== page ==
You may have noticed the buffers of prairie plants around the borders of Marks field and a newly planted prairie strip on one of the high spots of Silverwood Park. “We’re in an ocean of GMOs and chemical spraying,” Mark explained, due to the conventional agricultural practices of farmers surrounding the park (and Mark’s other organic fields). Beautiful and beneficial, pollinator strip borders and mown grass walking paths are a great solution that keeps chemicals from infiltrating the organic crops and provides healthy habitat for humans, butterflies, and bees.


Mark studies each farm parcel’s characteristics and soil types to determine which crops are likely to thrive. His acres at Silverwood Park occupy the highest area of the terminal moraine that comprises the east part of the park. “Our plan for 2021 will be to plant pinto beans there, due to the drier field and somewhat shallow soil. Pinto beans like their feet drier, unlike some of the other beans we grow,” Mark said. Crop rotations are always changing to adapt to soil types, weather patterns, and diversity that supports soil health.

Weather is another challenge that directly affects organic farmers. Wet years spur outbreaks of weeds and pests. The specialized equipment required to control them represents a huge challenge in both expense and workload. Mark’s goal is to use no-till organics to regenerate the soil, but that is a work in progress that requires finding the right cover crop sequence. Organic food farming requires knowledge of soil types, plant types, weed control, pests, crop rotation, and a vast array of equipment and its uses.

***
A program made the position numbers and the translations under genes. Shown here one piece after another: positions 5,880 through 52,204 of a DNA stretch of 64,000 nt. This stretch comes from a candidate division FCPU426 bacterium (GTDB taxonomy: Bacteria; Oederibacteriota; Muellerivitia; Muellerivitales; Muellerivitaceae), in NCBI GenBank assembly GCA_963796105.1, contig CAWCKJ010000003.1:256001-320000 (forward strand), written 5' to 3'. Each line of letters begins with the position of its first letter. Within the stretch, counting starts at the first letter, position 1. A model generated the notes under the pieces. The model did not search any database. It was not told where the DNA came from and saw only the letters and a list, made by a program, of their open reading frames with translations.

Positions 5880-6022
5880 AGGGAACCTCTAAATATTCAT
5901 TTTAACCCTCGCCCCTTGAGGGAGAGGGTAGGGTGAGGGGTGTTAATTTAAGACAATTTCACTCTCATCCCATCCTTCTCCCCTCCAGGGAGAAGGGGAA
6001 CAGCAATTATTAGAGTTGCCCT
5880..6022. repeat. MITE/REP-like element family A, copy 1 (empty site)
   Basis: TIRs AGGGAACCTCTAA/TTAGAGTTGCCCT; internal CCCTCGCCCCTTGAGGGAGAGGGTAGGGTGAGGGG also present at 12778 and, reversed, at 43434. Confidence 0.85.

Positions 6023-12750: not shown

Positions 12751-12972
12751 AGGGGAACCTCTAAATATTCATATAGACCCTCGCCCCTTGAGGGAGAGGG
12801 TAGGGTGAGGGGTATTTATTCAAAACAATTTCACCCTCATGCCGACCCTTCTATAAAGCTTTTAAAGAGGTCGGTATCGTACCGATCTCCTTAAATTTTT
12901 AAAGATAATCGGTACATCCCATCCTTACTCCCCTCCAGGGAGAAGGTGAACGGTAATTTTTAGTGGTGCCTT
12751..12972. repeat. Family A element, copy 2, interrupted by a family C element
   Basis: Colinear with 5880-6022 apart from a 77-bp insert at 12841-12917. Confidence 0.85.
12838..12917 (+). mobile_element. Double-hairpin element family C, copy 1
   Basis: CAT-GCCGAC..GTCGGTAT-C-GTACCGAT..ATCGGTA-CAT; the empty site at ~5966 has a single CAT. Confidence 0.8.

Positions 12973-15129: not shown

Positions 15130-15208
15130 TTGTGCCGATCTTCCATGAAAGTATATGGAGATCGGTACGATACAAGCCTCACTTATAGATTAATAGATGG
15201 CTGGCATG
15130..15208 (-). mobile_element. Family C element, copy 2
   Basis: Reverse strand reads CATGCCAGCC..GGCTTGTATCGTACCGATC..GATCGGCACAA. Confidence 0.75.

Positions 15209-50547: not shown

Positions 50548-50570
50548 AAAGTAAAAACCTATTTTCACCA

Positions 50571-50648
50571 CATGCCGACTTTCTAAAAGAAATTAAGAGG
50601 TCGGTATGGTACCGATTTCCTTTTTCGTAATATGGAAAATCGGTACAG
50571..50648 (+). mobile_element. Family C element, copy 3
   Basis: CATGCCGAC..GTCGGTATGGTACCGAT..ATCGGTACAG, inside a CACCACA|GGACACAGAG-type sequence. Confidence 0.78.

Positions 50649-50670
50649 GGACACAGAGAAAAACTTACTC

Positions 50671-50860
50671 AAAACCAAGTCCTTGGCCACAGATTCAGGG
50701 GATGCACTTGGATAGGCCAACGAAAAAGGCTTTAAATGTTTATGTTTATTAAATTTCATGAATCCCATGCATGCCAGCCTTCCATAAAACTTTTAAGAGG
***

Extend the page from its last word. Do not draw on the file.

Turning a profit from an organic operation does not happen overnight. “The first three years can be negative profitability as you transition,” Mark explained. “It takes seven years to turn the corner and hopefully start making some profit.” Why? The first three years require organic practices, but the harvest must sell in the conventional market, making for a losing profit margin. In subsequent years, farmers play catch-up until finally reaching the financial breakeven point. Transitioning from conventional to organic farming is a huge undertaking, “but well worth it for your health, the earth, and our next generations,” Mark said.

“Grow food, not feed,” sums up the Doudlah Farms philosophy. “The consumer is the farmer’s new boss,” Mark believes. “We want to support our local food economy and to play a part in educating consumers about nutrition, where healthy food comes from, and how it is grown.” When Silverwood Park hosted Permaculture Field Days, Mark enjoyed showcasing how he farms organically without pesticides. Mark looks forward to doing more with school programs and other educational efforts at the park.

To enhance profitability, Mark plans to increase the ways he can sell via e-commerce. Doudlah Farms Organics sells straight to retailers, wholesalers and consumers via his website. Mark is also offering wholesale prices to CSAs to help them earn more per customer while rounding out the pantry staples they offer.

Mark said, “It is an honor to do the right thing for the right reasons, in partnership with like-minded people, including others in the grower program and the volunteers who join the Friends of Silverwood Park.”

Interview by Sarah White.